TO ALL THE LIVING . . . Between the covers
This is the latest in the series of excellent reprints from the Imperial War Museum. They have ‘rediscovered’ novels written about WW2, mostly by people who experienced the conflict either home or away. Previous books can be referenced by clicking this link.
Author Monica Felton (1906 – 1970) was certainly an unusual woman and, to borrow a modern phrase, somewhat to the left of Lenin. In 1951, she visited North Korea as part of the Women’s International Democratic Federation commission and outlined her impressions in the book That’s Why I Went (1954), adhering to an anti-war position. In the same year, she was awarded a dubious and deeply ironic honour – the International Stalin Prize “for peace between peoples”
We are, then, immediately into the dangerous territory of judging creative artists because of their politics, which never ends well, whether it involves the Nazis ‘cancelling’ Mahler because he was Jewish or more recent critics shying away from Wagner because he was anti-semitic and, allegedly, admired by senior figures in the Third Reich. The longer debate is for another time and another place, but it is an inescapable fact that many great creative people, if not downright bastards, were deeply unpleasant and misguided. To name but a few, I don’t think I would have wanted to list Caravaggio, Paul Gauguin, Evelyn Waugh, Eric Gill or Patricia Highsmith among my best friends, but I would be mortified not to be able to experience the art they made.
So, could Monica Felton write a good story, away from hymning the praises of KIm Il Sung and his murderous regime? To All The Living (1945) is a lengthy account of life in a British munitions factory during WW2, and is principally centred around Griselda Green, a well educated young woman who has decided to do her bit for the country. To quickly answer my own question, the answer is a simple, “Yes, she could.”
Another question could be, “Does she preach?“ That, to my mind, is the unforgivable sin of any novelist with strong political convictions. Writers such as Dickens and Hardy had an agenda, certainly, but they subtly inserted this between the lines of great story-telling. Felton is no Dickens or Hardy, but she casts a wry glance at the preposterous bureaucracy that ran through the British war effort like the veins in blue cheese. She highlights the endless paperwork, the countless minions who supervised the completion of the bumf, and the men and women – usually elevated from being section heads in the equivalent of a provincial department store – who ruled over the whole thing in a ruthlessly delineated hierarchy.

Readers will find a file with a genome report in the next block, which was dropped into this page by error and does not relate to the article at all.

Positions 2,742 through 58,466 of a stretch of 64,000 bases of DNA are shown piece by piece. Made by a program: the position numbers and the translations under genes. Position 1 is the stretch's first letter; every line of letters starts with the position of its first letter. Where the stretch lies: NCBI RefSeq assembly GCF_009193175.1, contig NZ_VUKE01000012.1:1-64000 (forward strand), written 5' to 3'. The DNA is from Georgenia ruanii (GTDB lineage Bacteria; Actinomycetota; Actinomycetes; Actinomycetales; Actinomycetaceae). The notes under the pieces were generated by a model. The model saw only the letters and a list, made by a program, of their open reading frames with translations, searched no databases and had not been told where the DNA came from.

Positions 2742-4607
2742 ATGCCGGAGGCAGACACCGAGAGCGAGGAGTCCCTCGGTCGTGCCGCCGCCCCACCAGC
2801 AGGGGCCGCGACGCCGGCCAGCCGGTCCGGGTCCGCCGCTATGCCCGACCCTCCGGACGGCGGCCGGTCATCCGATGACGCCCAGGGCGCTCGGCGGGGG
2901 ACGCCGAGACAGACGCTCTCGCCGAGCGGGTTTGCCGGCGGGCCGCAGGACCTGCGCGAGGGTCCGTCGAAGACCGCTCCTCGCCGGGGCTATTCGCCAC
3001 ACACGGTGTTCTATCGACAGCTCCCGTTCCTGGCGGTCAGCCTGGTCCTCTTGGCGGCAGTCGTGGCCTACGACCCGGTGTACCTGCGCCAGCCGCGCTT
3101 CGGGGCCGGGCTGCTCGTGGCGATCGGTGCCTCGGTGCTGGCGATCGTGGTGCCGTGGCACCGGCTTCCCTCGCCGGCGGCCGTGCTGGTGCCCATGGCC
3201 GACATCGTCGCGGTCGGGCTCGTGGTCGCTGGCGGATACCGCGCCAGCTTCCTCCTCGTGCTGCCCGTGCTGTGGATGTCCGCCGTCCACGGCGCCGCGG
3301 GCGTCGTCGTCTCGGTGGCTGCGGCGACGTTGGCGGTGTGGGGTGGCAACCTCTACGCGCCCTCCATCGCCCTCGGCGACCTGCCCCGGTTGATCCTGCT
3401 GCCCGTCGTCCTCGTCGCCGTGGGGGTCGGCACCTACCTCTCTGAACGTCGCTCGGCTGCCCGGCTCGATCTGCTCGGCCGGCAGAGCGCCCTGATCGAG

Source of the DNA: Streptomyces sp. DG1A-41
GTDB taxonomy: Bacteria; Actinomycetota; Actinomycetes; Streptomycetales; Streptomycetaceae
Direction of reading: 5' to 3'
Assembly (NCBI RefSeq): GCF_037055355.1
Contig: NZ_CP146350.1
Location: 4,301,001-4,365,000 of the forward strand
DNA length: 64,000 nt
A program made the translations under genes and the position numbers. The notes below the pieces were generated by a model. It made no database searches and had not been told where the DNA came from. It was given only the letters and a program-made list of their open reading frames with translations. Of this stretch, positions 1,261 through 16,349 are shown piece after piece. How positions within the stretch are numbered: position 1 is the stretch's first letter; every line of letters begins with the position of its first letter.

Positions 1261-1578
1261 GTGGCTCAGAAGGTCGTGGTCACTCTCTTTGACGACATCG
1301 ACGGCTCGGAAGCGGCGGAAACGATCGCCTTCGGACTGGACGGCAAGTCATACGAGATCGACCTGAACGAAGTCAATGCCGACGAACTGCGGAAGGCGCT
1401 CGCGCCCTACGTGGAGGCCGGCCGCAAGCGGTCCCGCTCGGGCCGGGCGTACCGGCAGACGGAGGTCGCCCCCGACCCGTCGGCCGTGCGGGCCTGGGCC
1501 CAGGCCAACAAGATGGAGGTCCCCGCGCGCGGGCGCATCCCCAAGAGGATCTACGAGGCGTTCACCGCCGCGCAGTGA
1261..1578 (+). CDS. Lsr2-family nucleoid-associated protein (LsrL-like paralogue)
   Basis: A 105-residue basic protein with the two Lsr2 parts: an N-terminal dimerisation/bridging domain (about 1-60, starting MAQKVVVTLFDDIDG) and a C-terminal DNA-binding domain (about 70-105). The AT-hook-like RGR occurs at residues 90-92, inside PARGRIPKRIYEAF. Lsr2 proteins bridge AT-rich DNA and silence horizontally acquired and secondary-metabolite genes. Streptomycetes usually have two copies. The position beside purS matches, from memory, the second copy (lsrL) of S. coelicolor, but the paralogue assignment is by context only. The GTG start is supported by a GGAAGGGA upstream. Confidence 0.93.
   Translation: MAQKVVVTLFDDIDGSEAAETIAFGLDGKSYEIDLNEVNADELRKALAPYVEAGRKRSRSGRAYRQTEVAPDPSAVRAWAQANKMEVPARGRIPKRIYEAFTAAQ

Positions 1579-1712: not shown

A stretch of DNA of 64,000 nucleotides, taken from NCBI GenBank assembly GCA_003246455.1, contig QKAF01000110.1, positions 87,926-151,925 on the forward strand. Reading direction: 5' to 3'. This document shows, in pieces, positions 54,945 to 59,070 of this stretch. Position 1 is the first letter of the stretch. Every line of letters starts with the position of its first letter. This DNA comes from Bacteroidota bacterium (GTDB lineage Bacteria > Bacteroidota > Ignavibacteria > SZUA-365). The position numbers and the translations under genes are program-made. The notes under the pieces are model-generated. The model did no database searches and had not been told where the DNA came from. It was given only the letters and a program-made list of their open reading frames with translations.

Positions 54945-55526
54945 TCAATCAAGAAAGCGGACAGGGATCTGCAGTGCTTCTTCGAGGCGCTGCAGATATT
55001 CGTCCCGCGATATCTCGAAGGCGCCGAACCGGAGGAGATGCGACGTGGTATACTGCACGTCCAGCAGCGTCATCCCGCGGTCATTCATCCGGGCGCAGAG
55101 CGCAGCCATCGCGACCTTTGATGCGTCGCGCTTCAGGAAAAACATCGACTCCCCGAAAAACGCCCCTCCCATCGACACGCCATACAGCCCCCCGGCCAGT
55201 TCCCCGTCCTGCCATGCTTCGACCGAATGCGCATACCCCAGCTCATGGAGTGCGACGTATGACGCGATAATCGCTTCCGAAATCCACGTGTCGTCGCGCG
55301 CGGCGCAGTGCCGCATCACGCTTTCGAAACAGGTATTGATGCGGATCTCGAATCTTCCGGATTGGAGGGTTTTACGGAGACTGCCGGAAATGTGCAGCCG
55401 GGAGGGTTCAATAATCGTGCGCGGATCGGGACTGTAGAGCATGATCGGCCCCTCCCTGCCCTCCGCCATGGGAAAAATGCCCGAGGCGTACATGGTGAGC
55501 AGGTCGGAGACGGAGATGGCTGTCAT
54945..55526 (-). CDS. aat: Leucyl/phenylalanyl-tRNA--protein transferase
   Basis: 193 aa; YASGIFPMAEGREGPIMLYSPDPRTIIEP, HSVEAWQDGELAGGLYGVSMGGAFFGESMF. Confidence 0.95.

Amid the satire and exaggerated portraits of provincial ‘jobsworths’ there are darker moments, such as the descriptions of rampant misogyny, genuine poverty among the working classes, and the very real chance that the women who filled shells and crafted munitions – day in, day out – were in danger of being poisoned by the substances they handled. The determination of the factory managers to keep these problems hidden is chillingly described. These were rotten times for many people in Britain, but if Monica Felton believed that things were being done differently in North Korea or the USSR, then I am afraid she was sadly deluded.
The social observation and political polemic is shot through with several touches or romance, some tragedy, and the mystery of who Griselda Green really is. What is a poised, educated and well-spoken young woman doing among the down-to-earth working class girls filling shells and priming fuzes?
My only major criticism of this book is that it’s perhaps 100 pages too long. The many acerbic, perceptive and quotable passages – mostly Felton’s views on the more nonsensical aspects of British society – tend to fizz around like shooting stars in an otherwise dull grey sky.
Is it worth reading? Yes, of course, but you must be prepared for many pages of Ms Felton being on communist party message interspersed with passages of genuinely fine writing. To All The Living is published by the Imperial War Museum, and is out now.